The Supreme Court of Canada has declined to hear five challenges to the Trans Mountain pipeline expansion.

The challenges from five BC groups determined to stop the project were all told on Thursday the Supreme Court will not hear the cases, which had been dismissed by the Federal Court of Appeal in September.

Behind the challenge were the Squamish and Tsleil-Waututh First Nations, B.C. Nature, the Raincoast Conservation Foundation, and a group of young climate activists.

The groups argued that the federal government’s July 2019 approval of the pipeline expansion did not properly consult with Indigenous people.

Twelve groups initially challenged the Trans Mountain pipeline expansion with the Federal Court of Appeal in 2019, but in September the court only allowed six to partially proceed.

After the Federal Court of Appeal ultimately dismissed those six challenges, five of the groups asked the Supreme Court to review their cases: these appeals were denied.

The Trans Mountain pipeline expansion, once constructed, will add a second pipeline onto the existing path from Edmonton to Burnaby.

In 2018, the Federal Court of Appeal rejected cabinet approval for Trans Mountain, saying the government did not do enough consultation with Indigenous people.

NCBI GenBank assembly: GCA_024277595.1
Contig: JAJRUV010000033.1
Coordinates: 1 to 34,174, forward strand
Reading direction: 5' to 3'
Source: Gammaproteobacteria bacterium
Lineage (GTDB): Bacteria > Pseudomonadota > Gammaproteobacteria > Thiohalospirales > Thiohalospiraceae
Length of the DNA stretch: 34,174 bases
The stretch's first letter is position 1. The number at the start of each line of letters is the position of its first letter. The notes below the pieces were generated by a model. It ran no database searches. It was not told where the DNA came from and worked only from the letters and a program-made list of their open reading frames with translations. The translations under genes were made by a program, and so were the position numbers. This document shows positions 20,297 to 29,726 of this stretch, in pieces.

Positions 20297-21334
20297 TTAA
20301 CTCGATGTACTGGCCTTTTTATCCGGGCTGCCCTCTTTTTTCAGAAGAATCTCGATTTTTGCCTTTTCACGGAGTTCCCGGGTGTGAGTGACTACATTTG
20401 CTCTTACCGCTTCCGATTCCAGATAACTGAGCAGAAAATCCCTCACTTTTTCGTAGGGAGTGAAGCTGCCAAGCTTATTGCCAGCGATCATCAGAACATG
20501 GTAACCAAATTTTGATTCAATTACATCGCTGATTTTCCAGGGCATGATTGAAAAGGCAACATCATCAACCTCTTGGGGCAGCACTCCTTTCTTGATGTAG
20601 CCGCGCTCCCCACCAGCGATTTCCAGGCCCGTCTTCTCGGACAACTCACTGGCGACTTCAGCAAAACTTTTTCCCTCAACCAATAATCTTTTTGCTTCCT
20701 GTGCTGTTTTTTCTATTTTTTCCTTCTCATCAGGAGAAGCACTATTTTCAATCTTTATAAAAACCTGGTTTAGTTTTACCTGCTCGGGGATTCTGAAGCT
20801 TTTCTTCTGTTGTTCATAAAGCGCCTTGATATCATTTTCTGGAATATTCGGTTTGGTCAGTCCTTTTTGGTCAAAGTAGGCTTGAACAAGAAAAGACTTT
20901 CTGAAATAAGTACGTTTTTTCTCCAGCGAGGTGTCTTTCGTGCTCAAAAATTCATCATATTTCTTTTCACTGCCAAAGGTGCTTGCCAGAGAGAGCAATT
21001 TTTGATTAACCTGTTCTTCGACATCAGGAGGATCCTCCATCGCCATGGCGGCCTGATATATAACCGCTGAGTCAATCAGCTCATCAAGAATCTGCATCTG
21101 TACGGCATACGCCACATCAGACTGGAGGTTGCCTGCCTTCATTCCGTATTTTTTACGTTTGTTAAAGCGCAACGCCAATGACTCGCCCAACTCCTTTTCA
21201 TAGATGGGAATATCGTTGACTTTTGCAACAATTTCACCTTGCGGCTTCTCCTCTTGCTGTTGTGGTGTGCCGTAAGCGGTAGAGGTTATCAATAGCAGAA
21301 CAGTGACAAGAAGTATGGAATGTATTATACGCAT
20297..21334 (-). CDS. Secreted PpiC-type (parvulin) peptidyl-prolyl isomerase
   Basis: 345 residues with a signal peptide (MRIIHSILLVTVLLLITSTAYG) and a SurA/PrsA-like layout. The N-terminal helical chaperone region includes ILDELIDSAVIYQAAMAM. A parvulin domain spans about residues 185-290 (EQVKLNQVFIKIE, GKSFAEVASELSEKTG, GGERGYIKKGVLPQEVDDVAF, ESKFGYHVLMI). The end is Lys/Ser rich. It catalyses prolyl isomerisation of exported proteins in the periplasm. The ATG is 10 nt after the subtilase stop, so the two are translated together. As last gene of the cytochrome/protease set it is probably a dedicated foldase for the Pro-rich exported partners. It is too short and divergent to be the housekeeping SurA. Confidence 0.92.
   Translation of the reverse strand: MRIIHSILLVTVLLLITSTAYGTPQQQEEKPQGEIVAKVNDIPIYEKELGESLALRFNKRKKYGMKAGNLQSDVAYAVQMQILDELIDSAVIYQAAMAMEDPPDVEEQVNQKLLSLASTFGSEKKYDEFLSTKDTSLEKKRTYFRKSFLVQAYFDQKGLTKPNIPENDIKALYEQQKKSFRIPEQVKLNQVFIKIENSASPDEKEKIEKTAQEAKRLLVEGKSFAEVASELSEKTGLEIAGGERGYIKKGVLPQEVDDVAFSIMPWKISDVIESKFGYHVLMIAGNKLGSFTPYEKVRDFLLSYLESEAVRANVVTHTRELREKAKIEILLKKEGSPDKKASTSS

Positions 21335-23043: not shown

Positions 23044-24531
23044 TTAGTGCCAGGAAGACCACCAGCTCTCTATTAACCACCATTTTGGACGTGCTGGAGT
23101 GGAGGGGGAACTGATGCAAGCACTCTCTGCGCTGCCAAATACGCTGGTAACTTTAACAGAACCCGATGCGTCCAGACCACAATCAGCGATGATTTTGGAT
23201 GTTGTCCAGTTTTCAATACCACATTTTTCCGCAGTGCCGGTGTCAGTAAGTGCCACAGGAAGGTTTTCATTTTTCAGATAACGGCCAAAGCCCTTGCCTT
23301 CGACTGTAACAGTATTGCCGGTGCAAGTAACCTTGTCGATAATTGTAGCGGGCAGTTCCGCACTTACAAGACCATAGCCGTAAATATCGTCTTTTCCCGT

After another round of consultations, cabinet approved Trans Mountain again in July, 2019. The five groups all argued that the government still did not do enough consultation.

Alberta Attorney General Doug Schweitzer said the decision by the Supreme Court comes at an important time for Canada.

“It’s another positive step to development, to making sure we get this pipe built. It’s critical to have that here in Canada, so we’re encouraged by that,” he said.

“The bigger concern that we have is ensuring that the rule of law is upheld. The last few weeks, we’ve seen a bunch of social disorder across our entire country. We want to make sure that the Trans Mountain pipeline is built.“

Trans Mountain, which has already begun construction of the expansion, thanked the Supreme Court for its decision in a statement.

“After many years of consultation, reviews and approvals, we will continue to move forward and build the expansion project in respect of communities and for the benefit of Canadians,” the company said.

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